I am incredibly grateful that I was able to participate in the Morehead-Cain Mentoring Program this past year. I’m even more grateful that I was matched with my mentor, Joel Semakula ’12.
I don’t think it’s possible for me to overstate how pivotal this program and relationship have been for me, especially in the midst of my law school application journey. If I had to distill my experience with the program and Joel into three words, those words would be orienting, cultivating, and affirming.
Funnily enough, Joel was orienting me before we ever even met. When I was a bright-eyed 17-year-old, I was made aware of the Morehead-Cain. Eager to learn all I could about it and boost my chances of being chosen, I resorted to an in-depth YouTube investigation of Morehead-Cain.
There I found a series of videos that featured Joel speaking about a range of different topics, including applying to U.S. universities as a Brit, factors to consider when applying to colleges, and his experiences as a Morehead-Cain Scholar, among other things. Those videos gave me a crucial framework for applying for the Morehead-Cain that I wouldn’t have otherwise had. They also convinced me that being a Morehead-Cain Scholar was something I really wanted to do. So, before we had ever exchanged a word in conversation, Joel had helped to orient me towards Chapel Hill, North Carolina.
To my delight, I was officially paired with Joel as my mentor and it happened to once again be in the midst of a pivotal time for me. Joel helped to orient me by answering some of my most disorienting questions. Together we talked through the differences between practicing law in the U.S. and practicing law in the U.K. and the different factors I would need to consider.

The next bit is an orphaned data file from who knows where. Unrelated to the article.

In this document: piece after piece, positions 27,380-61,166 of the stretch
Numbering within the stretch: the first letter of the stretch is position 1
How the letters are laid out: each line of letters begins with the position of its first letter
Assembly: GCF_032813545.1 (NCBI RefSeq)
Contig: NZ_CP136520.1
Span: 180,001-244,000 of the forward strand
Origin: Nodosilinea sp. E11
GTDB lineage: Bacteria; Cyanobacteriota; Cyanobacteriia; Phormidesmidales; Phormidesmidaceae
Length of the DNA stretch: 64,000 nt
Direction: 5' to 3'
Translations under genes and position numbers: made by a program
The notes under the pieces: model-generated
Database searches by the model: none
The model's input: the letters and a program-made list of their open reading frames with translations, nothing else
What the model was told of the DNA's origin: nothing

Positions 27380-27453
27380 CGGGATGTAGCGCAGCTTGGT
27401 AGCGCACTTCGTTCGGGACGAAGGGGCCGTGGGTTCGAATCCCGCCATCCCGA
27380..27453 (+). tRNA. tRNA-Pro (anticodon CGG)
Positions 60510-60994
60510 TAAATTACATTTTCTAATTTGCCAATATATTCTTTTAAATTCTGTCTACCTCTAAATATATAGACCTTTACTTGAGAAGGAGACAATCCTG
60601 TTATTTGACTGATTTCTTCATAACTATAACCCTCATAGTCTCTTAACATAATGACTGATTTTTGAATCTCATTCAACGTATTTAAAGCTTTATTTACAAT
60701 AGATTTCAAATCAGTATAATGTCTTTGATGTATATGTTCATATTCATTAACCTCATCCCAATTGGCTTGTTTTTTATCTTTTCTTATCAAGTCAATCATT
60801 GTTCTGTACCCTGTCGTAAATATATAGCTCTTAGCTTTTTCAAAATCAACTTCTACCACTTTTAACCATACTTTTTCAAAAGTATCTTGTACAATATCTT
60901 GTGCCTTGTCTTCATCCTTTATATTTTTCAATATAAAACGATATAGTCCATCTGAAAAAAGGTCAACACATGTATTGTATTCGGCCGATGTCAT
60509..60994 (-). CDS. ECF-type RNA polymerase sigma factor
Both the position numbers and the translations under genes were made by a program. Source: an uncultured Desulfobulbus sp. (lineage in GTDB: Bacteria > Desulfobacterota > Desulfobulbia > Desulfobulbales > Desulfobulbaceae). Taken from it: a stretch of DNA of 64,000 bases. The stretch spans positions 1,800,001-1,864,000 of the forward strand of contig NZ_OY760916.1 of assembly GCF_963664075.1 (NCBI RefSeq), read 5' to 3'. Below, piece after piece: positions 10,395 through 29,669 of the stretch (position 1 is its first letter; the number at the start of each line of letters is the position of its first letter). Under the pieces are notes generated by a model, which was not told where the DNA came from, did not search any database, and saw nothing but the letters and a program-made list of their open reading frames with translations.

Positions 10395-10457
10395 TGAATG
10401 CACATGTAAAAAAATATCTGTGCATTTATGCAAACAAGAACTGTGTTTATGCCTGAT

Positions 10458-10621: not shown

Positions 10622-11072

Whenever I had questions about Law as a field, or about choosing between different schools, he would talk through my questions with me, or direct me to another Morehead-Cain Alumnus or Alumna who could speak to my situation. Despite the fact that I didn’t have anyone among my family or friends who had applied to or attended law school, with Joel’s orienting wisdom, I never felt like I was putting a foot wrong.
My mentoring relationship with Joel has also cultivated my character in a number of ways I would have never been able to foresee. Joel’s no-nonsense personality, coupled with the regular intervals between our calls and the fact that I left each call with a clearly defined to-do list, created an environment where I was encouraged to grow. This took the form of developing a greater sense of personal responsibility, taking stock of my strengths and weaknesses, and learning to negotiate more forcefully on my own behalf.
While I still have a lot of room for improvement in all of these areas, these skills, which I would not have cultivated of my own volition, have been incredibly valuable to me in all areas of my life.
Finally, having someone to affirm my progress and celebrate my successes has been so personally rewarding. There were many moments last year where anxiety and self-doubt aimed to choke the joy out of what I should have viewed as positive events. However, at every step of the way, Joel actively encouraged me and reminded me that he was proud of the steps I had taken. He celebrated every acceptance letter and every scholarship offer with me.
As simple as these affirmations might seem, they’ve motivated me and have given me the confidence to do things I consider scary and difficult. I know that I was able to fully appreciate the anxiety-inducing law school admissions roller coaster as a result of Joel’s support and encouragement.
In short, I haven’t for one moment regretted choosing to be a part of the Morehead-Cain Mentoring program. Building a relationship with Joel through the program has provided me with professional and personal guidance, forced me to grow as an individual, and given me stellar support when I needed it most. If you are even slightly unsure about being part of the program, don’t be! Go for it. I promise you won’t regret it.
Uzorma Owete ’20 graduated this past spring with a degree in computer science and will attend the University of North Carolina School of Law. His mentor, Joel Semakula ’12, is a barrister at Landmark Chambers in London.